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Sweeney Todd: The Demon Barber of Fleet Street (2007) -vs- Charlie and the Chocolate Factory (2005)

Sloane Hayes SkalaThe Smackdown

So fellow critic Mark Sanchez has already put Tim Burton’s 2007 adaptation of “Sweeney Todd: The Demon Barber of Fleet Street” up against its theatrical predecessor, and declared Burton’s version victorious. But how does the new Burton-Depp vehicle stack up against the Burton-Depp vehicle that came before it – 2005’s “Charlie and the Chocolate Factory”? Clearly, Tim Burton and Johnny Depp make a great team; together, they create delightfully dark and twisted fare. Burton has proved himself a maestro of adaptation, taking the classics and making them slightly sinister (watch out for 2010’s “Alice in Wonderland.”) Both films were hailed by critics, and word on the street (by which I mean Ebert & Roeper) is that “Todd” might even earn Depp his third Oscar nod. Both feature gloomy London settings and Helena Bonham Carter in ragamuffin costumes, but which creepy collaboration wins out?

The Challenger

As we have come to expect from a Tim Burton film, “Sweeney Todd” is visually pleasing above all else – even from the opening credits. The day-glo red spurts of blood against the dingy gray background of Todd’s barbershop are as brilliant as the ridiculous get-up worn by Sacha Baron Cohen as Todd’s first unlucky customer. Johnny Depp reprises his “Edward Scissorhands” makeup and “Pirates of the Carribean” swagger, albeit with a darker glint in his eye this time. He eats up the role, playing moodily depressed and murderously mischievous equally well. He also sings surprisingly well – however, the same cannot be said for Bonham Carter, who cannot seem to navigate singing in a cockney accent. Nonetheless, she makes a perfectly lovely Mrs. Lovett, cheerfully making her “special” pies and pining away for a man whose only passion is revenge. The dependable Alan Rickman turns out another reliably despicable performance as the lecherous Judge Turpin, the villain upon whom Todd has set his sights. The whole affair is delightfully over the top, as any good musical (especially one helmed by Burton) should be.

The Defending Champion

The fifth in a long line of Burton-Depp collaborations, 2005’s “Charlie and the Chocolate Factory” was critically lauded for sticking more closely to the classic Roald Dahl children’s book than did its 1971 predecessor, Mel Stuart’s “Willie Wonka and the Chocolate Factory.” Having watched the original countless times growing up, I had high hopes for the remake – and was slightly disappointed. The set-up seemed perfect: the masters of mayhem at the helm with an eerily sinister children’s book as material. The result was a let down, never quite achieving the ominous vibe of the original and just seeming tame by comparison. Perhaps Burton’s remake is more kid-friendly; what was so great about Stuart’s 1971 version was the truly spooky performance by Gene Wilder as Willy Wonka. With Wilder in the role, Wonka was an eccentric-bordering-on-deranged candy maker who could turn on a moment’s notice, all in the name of teaching greedy children a lesson. When Wilder sentenced kids to their apparent deaths-by-candy, we really didn’t know if they were ever coming back. With Depp as Wonka, the same cannot be said. Depp made him into a mildly-kooky-bordering-on-pathetic manchild with a pageboy haircut. When he sent blueberry shaped Violet Beauregard off to the juicing room to be squeezed, we had no doubt that she would return safe and sound. Even the oompa loompa-drenched musical numbers were weak by comparison; after Burton CGI-ed them to death, they weren’t nearly as trippy as in Stuart’s film. Contrary to “Sweeney Todd,” this Burton-Depp venture wasn’t quite over the top enough.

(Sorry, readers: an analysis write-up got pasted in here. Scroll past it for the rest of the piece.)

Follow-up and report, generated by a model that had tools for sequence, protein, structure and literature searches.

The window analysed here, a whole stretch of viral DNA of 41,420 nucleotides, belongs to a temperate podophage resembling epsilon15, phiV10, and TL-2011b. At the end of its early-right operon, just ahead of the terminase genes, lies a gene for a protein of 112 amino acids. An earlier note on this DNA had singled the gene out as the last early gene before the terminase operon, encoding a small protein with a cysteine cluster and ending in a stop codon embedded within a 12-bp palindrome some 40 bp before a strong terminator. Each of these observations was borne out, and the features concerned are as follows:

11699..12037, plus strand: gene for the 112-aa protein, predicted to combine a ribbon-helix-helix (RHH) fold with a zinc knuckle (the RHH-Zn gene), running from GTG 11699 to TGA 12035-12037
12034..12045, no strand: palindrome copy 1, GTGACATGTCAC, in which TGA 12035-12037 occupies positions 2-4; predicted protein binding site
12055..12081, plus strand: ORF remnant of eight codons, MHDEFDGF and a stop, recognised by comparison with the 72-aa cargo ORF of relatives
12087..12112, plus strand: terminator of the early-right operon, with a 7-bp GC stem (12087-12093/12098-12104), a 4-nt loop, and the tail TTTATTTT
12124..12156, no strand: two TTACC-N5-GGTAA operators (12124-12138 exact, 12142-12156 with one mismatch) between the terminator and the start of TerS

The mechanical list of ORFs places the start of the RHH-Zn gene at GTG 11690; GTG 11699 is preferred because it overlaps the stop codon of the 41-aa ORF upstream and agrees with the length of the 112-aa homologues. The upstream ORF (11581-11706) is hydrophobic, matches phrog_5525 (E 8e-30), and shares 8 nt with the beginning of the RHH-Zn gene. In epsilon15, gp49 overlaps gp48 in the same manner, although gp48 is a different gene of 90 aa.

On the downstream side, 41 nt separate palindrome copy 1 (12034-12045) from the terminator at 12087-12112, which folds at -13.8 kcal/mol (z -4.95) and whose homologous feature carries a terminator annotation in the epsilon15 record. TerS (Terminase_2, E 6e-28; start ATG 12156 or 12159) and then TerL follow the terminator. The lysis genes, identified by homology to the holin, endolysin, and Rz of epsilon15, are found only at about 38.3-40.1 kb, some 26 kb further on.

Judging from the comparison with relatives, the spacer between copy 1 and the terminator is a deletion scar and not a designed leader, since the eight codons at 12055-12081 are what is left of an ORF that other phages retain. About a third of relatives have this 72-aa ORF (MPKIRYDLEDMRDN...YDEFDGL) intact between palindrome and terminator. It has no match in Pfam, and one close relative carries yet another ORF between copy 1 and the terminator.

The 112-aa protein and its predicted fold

The Scorecard

Despite its gruesome subject matter, “Sweeney Todd” is a sweet surprise. Everything from the art direction to the musical numbers is just right, and under Burton’s direction, Depp does “tortured” better than any other actor currently out there. Not only do we believe his pain, we actually empathize with him and are slightly satisfied every time he slits another throat in pursuit of the man who wronged him. The songs feel natural, not forced, despite Bonham Carter’s penchant for mumbling, and the sheer melodramatic ghastliness of it all is good fun (from the unidentified substance churning out of the meat grinder to the moment where an asylum full of lunatics are unleashed upon their abusive warden).

“Charlie and the Chocolate Factory,” though probably enjoyable for younger generations who have not seen the original, is a bit of a let down. Depp commendably tries out a departure from his usual twisted characters, instead creating a Willy Wonka who is lonely, vulnerable, and childlike. The result is not nearly as satisfying as his dark and demented Todd. This Burton-Depp project is unusually lightweight, having little lasting impact, much like the sugary confections it revolves around – pleasing for a moment, but ultimately unsubstantial.

The Decision

The winner, hands down, is “Sweeney Todd.” Maybe it’s because Burton and Depp had free reign with a film that’s clearly aimed at adults rather than families, or maybe they just finally found material that’s dark enough for them. Either way, it’s about time these guys get the Oscars they so richly deserve.

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